Many of the world’s languages are in danger of becoming extinct, but none of them are in this unfortunate predicament due to texting or any other technology-aided communication. In fact, all of those languages would be better off if people were texting in them.
Other linguists have already eloquently defended texting. I recommend John McWhorter’s TED talk titled, “Txtng is killing language. JK!!!”. I won’t rehash his ideas, but suffice it to say that texting language (for example, abbreviated spellings like ‘u’ or ‘gr8’) is efficient and purposeful and does not prevent users from mastering other types of language for different purposes, especially spellings like ‘you’ and ‘great’ used in academic or published writing.
One aspect of this debate that is overlooked and under-appreciated, however, is the reason why many people are insistent that texting is killing English. The explanation I offer is that their complaints stem from stereotypes. Rather than different spellings like ‘u’ and ‘you’ having any intrinsic value, they have social value in the same way that clothing choices have social value. The choice to wear a certain type of shoes is in part a matter of showing others that you are a certain type of person.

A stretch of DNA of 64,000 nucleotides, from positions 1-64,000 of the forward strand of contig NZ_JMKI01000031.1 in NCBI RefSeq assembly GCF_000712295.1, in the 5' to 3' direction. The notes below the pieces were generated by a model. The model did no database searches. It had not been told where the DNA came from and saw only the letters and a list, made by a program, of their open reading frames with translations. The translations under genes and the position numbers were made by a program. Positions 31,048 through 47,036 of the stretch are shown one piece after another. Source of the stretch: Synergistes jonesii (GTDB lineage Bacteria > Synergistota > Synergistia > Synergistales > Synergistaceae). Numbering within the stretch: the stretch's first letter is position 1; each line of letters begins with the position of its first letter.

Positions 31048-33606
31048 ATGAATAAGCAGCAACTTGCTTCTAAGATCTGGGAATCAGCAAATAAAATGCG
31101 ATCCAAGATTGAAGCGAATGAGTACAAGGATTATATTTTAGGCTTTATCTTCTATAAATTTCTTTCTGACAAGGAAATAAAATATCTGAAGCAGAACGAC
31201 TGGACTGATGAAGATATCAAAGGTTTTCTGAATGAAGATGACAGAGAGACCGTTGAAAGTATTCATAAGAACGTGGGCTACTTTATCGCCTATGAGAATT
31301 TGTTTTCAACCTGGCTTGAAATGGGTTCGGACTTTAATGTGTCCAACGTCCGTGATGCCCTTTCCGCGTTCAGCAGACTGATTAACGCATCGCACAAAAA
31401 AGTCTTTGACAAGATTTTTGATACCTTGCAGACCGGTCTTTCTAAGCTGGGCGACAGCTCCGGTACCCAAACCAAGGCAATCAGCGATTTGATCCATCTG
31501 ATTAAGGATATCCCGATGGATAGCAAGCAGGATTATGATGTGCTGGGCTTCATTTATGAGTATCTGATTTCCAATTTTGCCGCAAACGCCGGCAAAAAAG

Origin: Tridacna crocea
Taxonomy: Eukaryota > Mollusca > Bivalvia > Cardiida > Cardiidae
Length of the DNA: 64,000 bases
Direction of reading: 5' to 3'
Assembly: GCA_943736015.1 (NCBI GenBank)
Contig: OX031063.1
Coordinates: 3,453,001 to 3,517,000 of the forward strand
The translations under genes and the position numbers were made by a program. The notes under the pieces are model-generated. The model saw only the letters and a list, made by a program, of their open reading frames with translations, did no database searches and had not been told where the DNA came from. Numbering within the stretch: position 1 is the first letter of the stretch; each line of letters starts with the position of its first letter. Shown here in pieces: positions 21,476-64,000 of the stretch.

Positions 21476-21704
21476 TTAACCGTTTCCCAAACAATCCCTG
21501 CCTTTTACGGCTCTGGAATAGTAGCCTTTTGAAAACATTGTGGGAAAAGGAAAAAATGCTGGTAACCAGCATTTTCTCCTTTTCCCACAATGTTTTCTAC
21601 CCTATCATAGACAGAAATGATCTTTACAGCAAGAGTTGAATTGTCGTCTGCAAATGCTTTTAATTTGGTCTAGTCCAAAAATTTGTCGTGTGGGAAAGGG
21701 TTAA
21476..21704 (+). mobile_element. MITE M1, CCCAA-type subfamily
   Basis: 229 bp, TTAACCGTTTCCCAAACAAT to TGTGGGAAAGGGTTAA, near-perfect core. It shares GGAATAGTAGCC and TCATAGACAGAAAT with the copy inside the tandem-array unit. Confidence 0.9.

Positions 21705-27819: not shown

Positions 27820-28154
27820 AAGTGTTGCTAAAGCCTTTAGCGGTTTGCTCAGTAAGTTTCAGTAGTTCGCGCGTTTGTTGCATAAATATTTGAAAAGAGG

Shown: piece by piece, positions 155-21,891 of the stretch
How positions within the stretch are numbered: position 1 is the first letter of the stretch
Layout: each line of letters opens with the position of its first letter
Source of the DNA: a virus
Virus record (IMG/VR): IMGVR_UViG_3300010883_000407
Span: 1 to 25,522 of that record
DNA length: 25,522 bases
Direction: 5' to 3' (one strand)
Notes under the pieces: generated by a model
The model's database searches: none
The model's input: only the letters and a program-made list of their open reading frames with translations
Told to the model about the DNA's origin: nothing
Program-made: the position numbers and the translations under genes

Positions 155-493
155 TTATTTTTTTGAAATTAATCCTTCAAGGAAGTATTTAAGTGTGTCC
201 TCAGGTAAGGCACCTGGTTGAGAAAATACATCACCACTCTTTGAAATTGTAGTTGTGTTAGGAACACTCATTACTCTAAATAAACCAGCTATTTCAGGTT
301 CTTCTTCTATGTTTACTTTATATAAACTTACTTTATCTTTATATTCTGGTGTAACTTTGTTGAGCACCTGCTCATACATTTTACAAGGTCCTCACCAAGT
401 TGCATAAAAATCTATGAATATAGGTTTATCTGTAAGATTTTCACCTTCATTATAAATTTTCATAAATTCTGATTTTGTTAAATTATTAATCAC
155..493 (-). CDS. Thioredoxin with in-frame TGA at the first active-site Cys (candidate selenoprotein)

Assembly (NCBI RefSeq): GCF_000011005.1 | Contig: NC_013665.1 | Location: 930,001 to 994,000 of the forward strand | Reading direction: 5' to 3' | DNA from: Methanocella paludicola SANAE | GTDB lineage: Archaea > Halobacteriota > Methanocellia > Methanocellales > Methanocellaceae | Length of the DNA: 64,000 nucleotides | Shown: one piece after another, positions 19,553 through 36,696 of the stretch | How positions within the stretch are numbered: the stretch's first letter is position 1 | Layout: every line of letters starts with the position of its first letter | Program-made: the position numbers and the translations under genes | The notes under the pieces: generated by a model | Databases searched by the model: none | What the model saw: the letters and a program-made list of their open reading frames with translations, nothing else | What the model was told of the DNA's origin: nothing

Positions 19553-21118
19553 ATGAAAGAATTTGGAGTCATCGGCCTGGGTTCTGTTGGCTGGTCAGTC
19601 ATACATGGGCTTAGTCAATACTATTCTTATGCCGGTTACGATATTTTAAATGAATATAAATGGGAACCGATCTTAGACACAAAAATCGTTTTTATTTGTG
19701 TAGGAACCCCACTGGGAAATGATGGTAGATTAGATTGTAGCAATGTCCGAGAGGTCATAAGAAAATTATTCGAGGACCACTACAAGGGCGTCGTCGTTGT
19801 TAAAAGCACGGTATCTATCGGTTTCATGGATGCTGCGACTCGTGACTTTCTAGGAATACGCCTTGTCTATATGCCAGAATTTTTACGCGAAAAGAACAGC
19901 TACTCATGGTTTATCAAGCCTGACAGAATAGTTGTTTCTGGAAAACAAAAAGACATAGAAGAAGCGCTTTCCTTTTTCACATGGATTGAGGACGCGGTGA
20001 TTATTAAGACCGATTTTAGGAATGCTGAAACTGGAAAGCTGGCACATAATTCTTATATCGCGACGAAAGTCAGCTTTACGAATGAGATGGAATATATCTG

The same considerations of social value exist for different language choices and the social groups that use them. Texting language is associated with young people. Thus, many people associate ‘u’ with the same attributes they unfairly assign to young people: laziness, vapidness, and shallowness. We could just as easily associate ‘u’ with the same things texters associate it with: efficiency and being young and cool (if cool is still ‘cool’).
Therefore, to say that texting is killing English is to repeat the same tired mantra of every aging generation angry at youth culture: “Children these days...”
- The reader is a sociolinguist who studies how language diversity impacts education and politics